1.      A cross-sectional profile of elevation change in any area of the buffer zone within 20 ft. of a wetland which would be disturbed by the proposed activity.
2.      A list of all vascular plant species occurring in the 20 ft. area of the buffer zone and adjacent wetland areas including data on relative abundance of each species.
3.      A wildlife habitat evaluation of the 20 ft. area of the buffer zone and adjacent wetlands including data on observed wildlife utilization of such area, such as breeding bird use, occurrence of fish, reptiles, amphibians and mammals.
4.      A description of the nature of any public or ecological benefits which may arise from the proposed activities.
5.      A photograph of the area to be disturbed.

It is the Conservation Commission's policy, where it has discretion, to prohibit any activity in the wetlands except where there are exceptional circumstances, where no other practical alternative exists, and where satisfactory replication takes place prior to any alteration or construction.  Activity within the 100 ft. buffer zone will continue to be reviewed on an individual case basis.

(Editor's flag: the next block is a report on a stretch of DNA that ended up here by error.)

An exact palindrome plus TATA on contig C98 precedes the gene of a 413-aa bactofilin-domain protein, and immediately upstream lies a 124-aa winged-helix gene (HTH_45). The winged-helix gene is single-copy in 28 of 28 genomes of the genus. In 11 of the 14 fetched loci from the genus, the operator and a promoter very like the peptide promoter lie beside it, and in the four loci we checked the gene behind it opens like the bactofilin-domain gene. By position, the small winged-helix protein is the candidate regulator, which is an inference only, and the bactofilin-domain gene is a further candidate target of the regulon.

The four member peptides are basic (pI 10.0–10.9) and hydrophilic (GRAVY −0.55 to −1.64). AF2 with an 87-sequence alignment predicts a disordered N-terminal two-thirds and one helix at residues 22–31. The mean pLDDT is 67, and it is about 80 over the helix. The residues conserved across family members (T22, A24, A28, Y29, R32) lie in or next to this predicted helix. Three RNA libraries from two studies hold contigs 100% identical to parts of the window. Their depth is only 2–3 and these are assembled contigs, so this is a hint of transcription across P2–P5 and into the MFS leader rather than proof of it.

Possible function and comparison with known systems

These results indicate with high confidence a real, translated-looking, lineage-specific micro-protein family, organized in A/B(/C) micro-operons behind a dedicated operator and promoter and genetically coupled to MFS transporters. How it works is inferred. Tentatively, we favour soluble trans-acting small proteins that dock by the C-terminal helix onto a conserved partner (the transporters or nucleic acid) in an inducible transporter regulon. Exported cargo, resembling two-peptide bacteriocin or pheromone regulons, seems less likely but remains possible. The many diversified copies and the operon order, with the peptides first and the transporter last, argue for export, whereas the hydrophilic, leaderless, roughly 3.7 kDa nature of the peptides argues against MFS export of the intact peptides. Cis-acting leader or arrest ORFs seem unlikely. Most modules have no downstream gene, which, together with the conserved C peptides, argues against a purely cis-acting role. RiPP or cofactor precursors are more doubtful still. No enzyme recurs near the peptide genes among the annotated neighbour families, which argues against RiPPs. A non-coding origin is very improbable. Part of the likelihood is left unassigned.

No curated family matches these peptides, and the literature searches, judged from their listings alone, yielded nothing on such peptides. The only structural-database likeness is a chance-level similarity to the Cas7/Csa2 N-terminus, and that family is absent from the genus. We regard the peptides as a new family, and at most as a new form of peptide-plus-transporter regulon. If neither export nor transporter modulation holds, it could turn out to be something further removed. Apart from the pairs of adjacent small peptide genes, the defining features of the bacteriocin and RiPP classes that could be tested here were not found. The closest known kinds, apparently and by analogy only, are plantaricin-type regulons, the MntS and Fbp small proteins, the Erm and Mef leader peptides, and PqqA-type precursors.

Existing Conditions

Maintenance (but, no further alteration or expansion) of yards which existed on or before 8/1/96, within the 20 ft. buffer will be permitted, however homeowners are encouraged to maintain natural vegetation within 20 ft. of the wetland edge to help improve the water quality of wetlands and streams.  A list of wetland vegetation which could enhance wildlife and water quality can be obtained from the Conservation Office at City Hall.  The Commission encourages homeowners to allow a natural vegetation buffer to establish itself along the edge of streams, ponds and wetlands.

Further, the use of herbicides/pesticides, inorganic fertilizers (excluding lime or other soil treatments) where labels indicate they are toxic to aquatic organisms, which may alter the adjacent resource area, should not be used adjacent to wetlands.  It is likely that the use of these chemicals over time will have an impact on the adjacent wetlands.





Adopted by unanimous vote of the Marlborough Conservation Commission
November 7, 1996